If it is expected that out of 10,000 persons at a specified age, the probability is that one may die within one year, the mortality rate at that age is said to be 0.01%. The risk premium chargeable for persons at that age would be Rs. 0.10 Per Rs. 1000 SA. If a policy has a term of 20 years, the risk premium and therefore, the premium charged, would vary for each of the 20 years.
It would be increasing steadily from year to year. It would be difficult to administer annual changes in a continuing contract. Apart from that, the premium at later ages, towards the end of the policy term, would be very high and people may find it beyond their ability to pay. They will then be without the protection of insurance at times when they need it most. To offset this problem, insurers spread the risk premium on a uniform basis, throughout the term of the policy.
The premium remains constant for 20 years. Such uniform premium is called level premium. This implies that the premium collected would be more than necessary for the risk in the early ages, and less than necessary towards the latter part of the policy.
There is another reason for level premium being charged. As mentioned already, it is possible that many policyholders would find the higher premium payable otherwise, towards the latter part of the policy, too burdensome, and drop out. The persons who drop out are likely to be healthier than those who continue. The relatively unhealthy ones may try to pay somehow and continue the insurance cover. This would work against the insurer, as the assumptions made in calculating the premium would be disturbed.
The continuing policyholders would not be of the same kind of population, as the mortality tables would have assumed. The mortality tables show the probabilities of death for a group of healthy persons, while in this case, the population of policyholders would have a larger than normal proportion of the unhealthy. This is referred to as Adverse Selection, because the result of the decisions of the healthier policyholders walking out of the group is adverse to the interests of the remaining community of policyholders. The calculations of the insurer and his experience would go awry. The practice of charging level premium, avoids such adverse selection.
#Pure Premium Is Called the Office Premium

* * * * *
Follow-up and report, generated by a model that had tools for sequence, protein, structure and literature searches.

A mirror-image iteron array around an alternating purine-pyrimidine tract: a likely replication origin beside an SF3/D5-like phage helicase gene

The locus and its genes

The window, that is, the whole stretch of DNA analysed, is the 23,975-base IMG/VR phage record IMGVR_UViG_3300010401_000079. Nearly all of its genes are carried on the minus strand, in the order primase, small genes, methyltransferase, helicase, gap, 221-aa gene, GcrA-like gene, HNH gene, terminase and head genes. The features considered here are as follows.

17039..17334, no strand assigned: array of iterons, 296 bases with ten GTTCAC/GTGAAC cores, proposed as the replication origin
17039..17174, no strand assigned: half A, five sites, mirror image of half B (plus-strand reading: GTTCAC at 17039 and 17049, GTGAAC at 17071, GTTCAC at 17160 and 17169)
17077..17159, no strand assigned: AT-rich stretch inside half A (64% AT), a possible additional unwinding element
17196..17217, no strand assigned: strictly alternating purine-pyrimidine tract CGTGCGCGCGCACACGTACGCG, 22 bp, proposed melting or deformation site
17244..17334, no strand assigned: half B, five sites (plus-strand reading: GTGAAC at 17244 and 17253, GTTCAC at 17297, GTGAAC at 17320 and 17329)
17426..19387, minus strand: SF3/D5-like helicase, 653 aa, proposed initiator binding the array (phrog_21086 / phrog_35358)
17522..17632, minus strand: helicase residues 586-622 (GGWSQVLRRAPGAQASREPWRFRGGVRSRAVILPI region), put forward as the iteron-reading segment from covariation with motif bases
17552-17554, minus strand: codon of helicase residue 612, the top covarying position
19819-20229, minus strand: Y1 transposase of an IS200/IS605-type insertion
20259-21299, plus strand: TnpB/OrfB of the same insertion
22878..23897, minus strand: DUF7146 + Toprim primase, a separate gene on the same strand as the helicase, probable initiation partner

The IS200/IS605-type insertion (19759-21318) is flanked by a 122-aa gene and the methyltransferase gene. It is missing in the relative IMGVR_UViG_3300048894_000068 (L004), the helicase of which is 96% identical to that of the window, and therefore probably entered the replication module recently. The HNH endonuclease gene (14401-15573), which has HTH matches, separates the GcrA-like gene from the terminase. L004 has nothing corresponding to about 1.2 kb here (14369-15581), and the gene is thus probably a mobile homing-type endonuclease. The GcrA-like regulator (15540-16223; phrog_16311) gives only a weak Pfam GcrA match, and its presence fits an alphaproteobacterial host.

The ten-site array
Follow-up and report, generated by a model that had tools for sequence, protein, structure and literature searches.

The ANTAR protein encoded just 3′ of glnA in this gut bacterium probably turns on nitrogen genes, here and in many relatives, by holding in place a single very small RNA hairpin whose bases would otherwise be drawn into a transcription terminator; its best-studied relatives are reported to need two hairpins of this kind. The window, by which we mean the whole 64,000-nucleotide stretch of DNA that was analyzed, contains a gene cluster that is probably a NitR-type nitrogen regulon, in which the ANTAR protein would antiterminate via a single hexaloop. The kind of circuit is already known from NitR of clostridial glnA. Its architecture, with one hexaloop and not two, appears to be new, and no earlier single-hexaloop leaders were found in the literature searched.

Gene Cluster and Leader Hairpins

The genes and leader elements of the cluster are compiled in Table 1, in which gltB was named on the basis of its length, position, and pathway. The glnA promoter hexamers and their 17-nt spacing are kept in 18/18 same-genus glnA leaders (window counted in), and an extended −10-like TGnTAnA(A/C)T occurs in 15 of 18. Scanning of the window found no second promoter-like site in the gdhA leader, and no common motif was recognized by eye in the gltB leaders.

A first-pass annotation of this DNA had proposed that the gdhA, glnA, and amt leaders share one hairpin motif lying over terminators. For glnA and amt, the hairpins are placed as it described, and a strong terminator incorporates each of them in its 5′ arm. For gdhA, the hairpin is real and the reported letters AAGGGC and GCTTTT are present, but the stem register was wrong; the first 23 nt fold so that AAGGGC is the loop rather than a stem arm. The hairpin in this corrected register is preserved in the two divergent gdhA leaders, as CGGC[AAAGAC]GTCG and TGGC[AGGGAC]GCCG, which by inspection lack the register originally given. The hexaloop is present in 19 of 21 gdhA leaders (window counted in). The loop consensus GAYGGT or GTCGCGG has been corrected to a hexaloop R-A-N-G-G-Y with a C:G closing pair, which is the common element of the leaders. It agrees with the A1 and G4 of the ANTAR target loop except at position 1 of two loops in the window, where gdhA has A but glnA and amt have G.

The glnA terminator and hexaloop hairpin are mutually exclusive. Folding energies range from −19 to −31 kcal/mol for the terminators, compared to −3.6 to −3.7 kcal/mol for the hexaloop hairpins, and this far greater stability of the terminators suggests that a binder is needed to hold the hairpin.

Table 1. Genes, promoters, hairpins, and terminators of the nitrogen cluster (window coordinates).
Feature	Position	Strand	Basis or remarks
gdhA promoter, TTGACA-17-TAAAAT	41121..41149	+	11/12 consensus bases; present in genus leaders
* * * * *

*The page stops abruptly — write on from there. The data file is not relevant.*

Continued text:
The premium figures arrived at after loading the net premium or pure premium, is called the office premium. They are now ready for use. The premium figures printed in the promotional literature and brochures are office premium. They are also referred to as the tabular premium.
The actual premium to be charged in any one case would require further adjustments, depending on the practice of the insurer. For example, the administrative costs are more if the premium is paid every quarter or month, instead of once in a year. The number of renewal notices and receipts to the mode.
If the mode is yearly, the probability of default in the insurer can utilize this amount for the entire year and earn more interest than if the premiums were paid in installments. Therefore, the premium rate would have to be slightly increased or decreased depending on the chosen mode of payment.
#Charge Extra Premium on Any Particular Policy
Extra premium may be charged on any particular policy. This may be charged on any particular policy. This may happen because of the grant of some benefit in addition to the basic benefits under the insurance plan, like accident benefit or premium waiver benefit. Riders (discussed in a subsequent blog) provide additional or supplementary benefits. Extra premium may become chargeable because of decisions relating to the extent of risk in any particular case. If the risk of the person to be insured is assessed as more than normal, because of health or because of occupation or habits, insurers may charge extra premium. These are usually stated as say, Rs. 2 per thousand, and will be added to the premium otherwise chargeable.